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State boosts highway funding for NNY counties


The north country will see a hefty increase in the amount of funding for highway improvements, according to new spending projections released Monday by Gov. Andrew M. Cuomo.

Jefferson County will see $6,999,769.06 in the 2013-14 budget, up 23.5 percent from the previous year. St. Lawrence County and its municipalities will receive $9,289,884.48, a 24 percent increase from the previous year, and Lewis County will get $4,015,483.70, up 24 percent from last year.

The state released the Consolidated Local Street and Highway Improvement Program numbers Monday. Overall, the state will spend $438 million, an increase of $75 million from the year before. This year’s plan shows the first increase in CHIPs funding since the 2008-09 budget.

“This budget is about jobs, jobs, jobs, and by investing in rebuilding our state’s transportation infrastructure we are helping to grow local economies and create jobs in all corners of the state,” Gov. Cuomo said in a statement announcing the new figures.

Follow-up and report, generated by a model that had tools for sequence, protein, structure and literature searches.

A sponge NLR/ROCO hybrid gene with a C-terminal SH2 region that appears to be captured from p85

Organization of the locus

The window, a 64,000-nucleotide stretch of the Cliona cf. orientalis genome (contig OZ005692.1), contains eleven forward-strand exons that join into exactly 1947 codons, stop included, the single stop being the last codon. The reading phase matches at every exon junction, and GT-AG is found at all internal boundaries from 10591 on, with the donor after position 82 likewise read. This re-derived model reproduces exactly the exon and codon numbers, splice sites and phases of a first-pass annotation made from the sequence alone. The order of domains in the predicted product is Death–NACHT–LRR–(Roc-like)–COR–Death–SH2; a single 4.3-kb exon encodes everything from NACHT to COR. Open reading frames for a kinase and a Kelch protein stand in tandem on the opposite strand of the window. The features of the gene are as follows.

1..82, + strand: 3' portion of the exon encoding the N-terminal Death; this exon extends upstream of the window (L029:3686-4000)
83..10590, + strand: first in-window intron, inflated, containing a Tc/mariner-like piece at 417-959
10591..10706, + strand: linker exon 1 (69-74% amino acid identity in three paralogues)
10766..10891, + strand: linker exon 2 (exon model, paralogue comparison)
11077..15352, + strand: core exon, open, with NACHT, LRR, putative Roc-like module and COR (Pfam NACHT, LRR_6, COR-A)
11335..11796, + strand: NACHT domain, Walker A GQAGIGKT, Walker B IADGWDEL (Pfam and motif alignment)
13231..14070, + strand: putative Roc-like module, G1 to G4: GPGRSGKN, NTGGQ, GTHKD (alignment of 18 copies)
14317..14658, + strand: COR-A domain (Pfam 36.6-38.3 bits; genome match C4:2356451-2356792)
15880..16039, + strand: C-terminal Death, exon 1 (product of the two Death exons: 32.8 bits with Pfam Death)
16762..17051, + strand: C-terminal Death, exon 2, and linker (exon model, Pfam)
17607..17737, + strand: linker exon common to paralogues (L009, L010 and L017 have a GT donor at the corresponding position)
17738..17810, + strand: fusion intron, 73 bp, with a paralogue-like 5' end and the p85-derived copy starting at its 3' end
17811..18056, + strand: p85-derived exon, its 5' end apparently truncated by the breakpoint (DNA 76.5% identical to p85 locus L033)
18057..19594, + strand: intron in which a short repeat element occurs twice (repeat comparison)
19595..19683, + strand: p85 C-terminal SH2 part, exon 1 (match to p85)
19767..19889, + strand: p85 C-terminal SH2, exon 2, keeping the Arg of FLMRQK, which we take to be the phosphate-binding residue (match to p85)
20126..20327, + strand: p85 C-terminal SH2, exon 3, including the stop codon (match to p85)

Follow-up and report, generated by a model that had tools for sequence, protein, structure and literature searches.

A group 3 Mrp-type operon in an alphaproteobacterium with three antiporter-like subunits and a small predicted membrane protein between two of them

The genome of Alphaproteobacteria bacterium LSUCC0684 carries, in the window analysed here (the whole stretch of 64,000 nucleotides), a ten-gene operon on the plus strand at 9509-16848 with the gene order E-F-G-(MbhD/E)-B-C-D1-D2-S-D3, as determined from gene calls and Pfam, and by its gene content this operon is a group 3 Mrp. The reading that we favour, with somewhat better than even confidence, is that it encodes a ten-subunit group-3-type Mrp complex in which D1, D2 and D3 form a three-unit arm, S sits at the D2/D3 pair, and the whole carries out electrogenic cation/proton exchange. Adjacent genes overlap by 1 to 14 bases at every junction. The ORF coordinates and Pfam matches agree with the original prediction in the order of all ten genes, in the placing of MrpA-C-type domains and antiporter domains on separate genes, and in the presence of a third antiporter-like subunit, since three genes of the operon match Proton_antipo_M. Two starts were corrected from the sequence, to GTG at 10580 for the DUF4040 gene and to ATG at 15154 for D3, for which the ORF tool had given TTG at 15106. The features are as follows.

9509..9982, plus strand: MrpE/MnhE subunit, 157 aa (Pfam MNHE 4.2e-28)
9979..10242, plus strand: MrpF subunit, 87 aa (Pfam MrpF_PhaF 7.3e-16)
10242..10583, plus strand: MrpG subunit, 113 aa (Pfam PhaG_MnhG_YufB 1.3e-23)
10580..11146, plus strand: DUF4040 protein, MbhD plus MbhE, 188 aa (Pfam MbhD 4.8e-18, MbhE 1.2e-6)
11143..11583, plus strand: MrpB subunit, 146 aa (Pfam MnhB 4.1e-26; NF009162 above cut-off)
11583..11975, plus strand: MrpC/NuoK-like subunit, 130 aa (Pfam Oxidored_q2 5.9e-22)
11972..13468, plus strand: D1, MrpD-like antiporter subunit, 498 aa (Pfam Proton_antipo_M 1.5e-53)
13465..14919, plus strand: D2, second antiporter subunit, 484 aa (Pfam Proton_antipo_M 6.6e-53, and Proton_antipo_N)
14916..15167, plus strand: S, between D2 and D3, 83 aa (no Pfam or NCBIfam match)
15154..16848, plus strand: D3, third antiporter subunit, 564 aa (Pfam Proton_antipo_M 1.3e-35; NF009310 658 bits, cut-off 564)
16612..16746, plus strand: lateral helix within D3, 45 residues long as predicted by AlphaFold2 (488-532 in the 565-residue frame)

More than 500 village, town and county highway superintendents from across the state converged on Albany earlier in the month, meeting with representatives to ask for more funding.

Lewis County Highway Superintendent David L. Becker said they met with Assemblyman Kenneth D. Blankenbush, R-Black River; and state Sens. Patricia A. Ritchie, R-Heuvelton, and Joseph A. Griffo, R-Rome.

“They were very receptive,” Mr. Becker said. “They said they were going to fight for us.”

After an initial commitment of $15 million following the meeting, a budget bill included an increase of $75 million per year for the next two years.

In addition to the new CHIPs funding, the state’s budget includes several million dollars for specific road projects around the region. Among the money that could be spent is $5.73 million for reconstructing Patterson Street, Ogdensburg; $4.8 million for work on Route 180 over Black River, Dexter; $3.46 million for repairs on the railroad bridge on Arsenal Street, city of Watertown; and $910,000 for work on Alexandria Bay’s Riverwalk project.

Several communities have had safe-route-to-school projects pegged for new funding, such as $170,000 for the town of Adams and $90,000 for the village of Canton.

The full CHIPs funding figures can be found at

Johnson Newspapers reporter Christina Scanlon contributed to this report.

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